Editorial: Taxes must be fair

  • October 1, 2017

Pay unto Caesar what is Caesar’s, said Jesus, yet few topics rankle people more than taxes.

So it’s no wonder proposals to amend the federal tax code for small, incorporated businesses have people worried. Many of these enterprises are run by moms and dads who are anything but wealthy. Thus there is understandable trepidation as the finance minister sharpens his scythe for a broad swipe at tax laws that now benefit owners of small businesses.

An objective of government should be fair taxation so it can meet its moral obligation to provide a range of public services and advance the common good of society. Fair taxation means that those who make more money should pay more taxes, and it implies that this is done in order to reduce the gap in living standard between the rich and the poor. If there are loopholes that create true inequities, they should be closed. If there are cheaters, they should be prosecuted.

Catholic tradition and teaching is clear in this regard. In 1961 Pope John XXIII said tax assessment “according to the ability to pay is fundamental to a just and equitable system.” The Catechism states our “co-responsibility for the common good make it morally obligatory to pay taxes.” The Vatican II document Gaudium et Spes cautioned against an “individualistic morality” that leads many to “resort to various frauds and deceptions in avoiding just taxes or other debts due to society.”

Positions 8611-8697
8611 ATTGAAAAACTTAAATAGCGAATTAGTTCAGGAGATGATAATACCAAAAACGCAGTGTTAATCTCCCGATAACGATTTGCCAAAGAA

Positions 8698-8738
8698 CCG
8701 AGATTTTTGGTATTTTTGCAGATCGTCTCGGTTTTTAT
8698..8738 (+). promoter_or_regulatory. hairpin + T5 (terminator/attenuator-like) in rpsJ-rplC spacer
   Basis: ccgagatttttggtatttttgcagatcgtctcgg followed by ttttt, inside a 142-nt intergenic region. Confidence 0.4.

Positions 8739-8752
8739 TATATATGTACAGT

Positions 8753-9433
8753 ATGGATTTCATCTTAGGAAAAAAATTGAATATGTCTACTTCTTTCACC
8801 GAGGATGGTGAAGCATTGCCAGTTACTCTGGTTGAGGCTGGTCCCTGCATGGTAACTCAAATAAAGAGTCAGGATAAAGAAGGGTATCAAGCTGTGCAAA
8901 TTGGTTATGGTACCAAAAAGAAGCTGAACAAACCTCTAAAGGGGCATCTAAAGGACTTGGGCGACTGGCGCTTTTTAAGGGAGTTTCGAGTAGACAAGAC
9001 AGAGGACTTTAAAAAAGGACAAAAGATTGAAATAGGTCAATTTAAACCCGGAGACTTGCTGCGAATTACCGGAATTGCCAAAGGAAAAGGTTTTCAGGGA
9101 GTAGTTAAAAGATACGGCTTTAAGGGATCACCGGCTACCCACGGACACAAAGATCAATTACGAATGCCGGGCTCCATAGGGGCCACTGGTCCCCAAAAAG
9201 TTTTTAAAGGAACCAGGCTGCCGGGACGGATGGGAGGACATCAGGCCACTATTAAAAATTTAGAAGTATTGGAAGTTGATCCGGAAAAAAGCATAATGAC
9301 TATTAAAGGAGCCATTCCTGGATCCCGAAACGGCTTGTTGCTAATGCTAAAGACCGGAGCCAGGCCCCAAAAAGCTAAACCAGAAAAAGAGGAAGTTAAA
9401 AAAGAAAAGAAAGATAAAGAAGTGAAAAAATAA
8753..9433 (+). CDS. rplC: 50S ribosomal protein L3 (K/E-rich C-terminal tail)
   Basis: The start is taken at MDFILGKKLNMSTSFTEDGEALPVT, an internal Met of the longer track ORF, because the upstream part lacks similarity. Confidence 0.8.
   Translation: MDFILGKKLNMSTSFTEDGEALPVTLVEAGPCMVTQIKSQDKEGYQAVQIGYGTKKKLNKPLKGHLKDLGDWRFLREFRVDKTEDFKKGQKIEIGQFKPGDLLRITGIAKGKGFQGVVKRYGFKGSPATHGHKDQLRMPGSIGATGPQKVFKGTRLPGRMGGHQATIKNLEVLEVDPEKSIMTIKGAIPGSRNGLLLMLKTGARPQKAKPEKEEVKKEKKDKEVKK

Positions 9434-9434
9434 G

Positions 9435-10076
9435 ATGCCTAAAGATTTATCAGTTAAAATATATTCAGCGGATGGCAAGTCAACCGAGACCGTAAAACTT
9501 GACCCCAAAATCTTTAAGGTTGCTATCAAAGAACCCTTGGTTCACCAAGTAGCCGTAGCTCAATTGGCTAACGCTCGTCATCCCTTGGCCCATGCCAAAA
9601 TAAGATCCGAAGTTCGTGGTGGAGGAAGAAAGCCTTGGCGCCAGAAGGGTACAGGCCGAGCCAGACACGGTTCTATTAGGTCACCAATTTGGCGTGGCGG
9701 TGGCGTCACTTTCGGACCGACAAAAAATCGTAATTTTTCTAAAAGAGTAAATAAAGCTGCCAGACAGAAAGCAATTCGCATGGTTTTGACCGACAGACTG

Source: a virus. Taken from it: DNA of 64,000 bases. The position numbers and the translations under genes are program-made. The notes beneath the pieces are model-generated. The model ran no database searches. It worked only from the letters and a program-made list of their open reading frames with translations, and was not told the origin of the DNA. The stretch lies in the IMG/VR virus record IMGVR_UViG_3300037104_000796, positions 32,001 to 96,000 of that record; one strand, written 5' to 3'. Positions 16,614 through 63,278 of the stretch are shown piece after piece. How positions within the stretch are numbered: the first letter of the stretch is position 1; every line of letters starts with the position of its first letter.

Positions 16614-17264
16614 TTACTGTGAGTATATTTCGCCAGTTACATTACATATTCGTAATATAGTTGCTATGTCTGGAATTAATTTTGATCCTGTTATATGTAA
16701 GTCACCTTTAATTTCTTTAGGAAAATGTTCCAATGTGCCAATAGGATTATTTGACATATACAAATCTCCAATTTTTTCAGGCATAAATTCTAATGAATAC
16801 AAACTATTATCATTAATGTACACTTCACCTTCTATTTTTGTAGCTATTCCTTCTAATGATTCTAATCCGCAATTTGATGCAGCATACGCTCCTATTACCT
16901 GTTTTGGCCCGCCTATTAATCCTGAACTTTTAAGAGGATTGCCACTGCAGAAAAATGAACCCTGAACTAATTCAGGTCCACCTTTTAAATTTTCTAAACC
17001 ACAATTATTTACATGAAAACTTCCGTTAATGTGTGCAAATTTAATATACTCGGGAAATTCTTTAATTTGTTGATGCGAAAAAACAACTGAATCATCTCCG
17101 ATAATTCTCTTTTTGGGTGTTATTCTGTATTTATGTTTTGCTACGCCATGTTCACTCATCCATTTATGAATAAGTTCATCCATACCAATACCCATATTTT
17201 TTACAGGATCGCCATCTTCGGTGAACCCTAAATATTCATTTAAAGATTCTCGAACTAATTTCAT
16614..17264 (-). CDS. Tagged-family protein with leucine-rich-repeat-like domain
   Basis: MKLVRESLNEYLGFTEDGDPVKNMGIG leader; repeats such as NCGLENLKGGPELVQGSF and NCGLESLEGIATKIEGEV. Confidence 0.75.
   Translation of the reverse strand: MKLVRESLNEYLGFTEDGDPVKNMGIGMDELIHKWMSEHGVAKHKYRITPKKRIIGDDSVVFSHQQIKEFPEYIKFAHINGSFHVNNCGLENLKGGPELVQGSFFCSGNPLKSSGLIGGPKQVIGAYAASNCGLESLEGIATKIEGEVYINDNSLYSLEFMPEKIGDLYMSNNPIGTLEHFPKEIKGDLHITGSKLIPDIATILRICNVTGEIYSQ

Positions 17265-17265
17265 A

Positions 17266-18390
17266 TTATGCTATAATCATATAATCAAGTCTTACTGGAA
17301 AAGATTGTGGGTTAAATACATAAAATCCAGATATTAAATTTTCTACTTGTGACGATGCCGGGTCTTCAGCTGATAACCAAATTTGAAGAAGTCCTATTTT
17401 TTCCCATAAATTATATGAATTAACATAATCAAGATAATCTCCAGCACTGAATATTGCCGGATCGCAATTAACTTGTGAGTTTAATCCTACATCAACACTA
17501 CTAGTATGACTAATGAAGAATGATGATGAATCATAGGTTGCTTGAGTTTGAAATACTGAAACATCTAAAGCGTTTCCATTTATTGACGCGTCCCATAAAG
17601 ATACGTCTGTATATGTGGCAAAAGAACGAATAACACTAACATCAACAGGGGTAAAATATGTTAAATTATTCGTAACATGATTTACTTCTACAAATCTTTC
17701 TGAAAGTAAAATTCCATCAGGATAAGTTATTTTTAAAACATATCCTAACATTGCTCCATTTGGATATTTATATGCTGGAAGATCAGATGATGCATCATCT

Governments, therefore, have not only a right to tax citizens, but have a moral duty to do so in order to generate the revenue required to shape just societies. This shaping occurs in countless ways but, ultimately, the moral rationale for taxation boils down to what an American priest once called a way for sophisticated societies to care for one another.

When it comes to amendments to Canadian tax laws, it’s hard to dispute change is needed. But the current proposals raise legitimate questions about whether the government has taken aim at the proper targets — or at enough targets. Any serious tax reform should also consider the wealthy class and its millions squirrelled away in various tax-avoidance shelters which are legally sound but morally suspect.

Just as governments should feel obligated to distribute tax revenue justly and equitably through policies and programs for society, so too should politicians ensure all classes of society pay their fair share. Taxes that go uncollected due to regulations that give high earners advantages represent money unavailable for social programs that, for starters, might go towards First Nations projects or ending child poverty.

So by all means review tax regulations. But do so ever mindful of the principle of fairness. Taxation exists to improve the lot of ordinary people, not to serve the whims of government.

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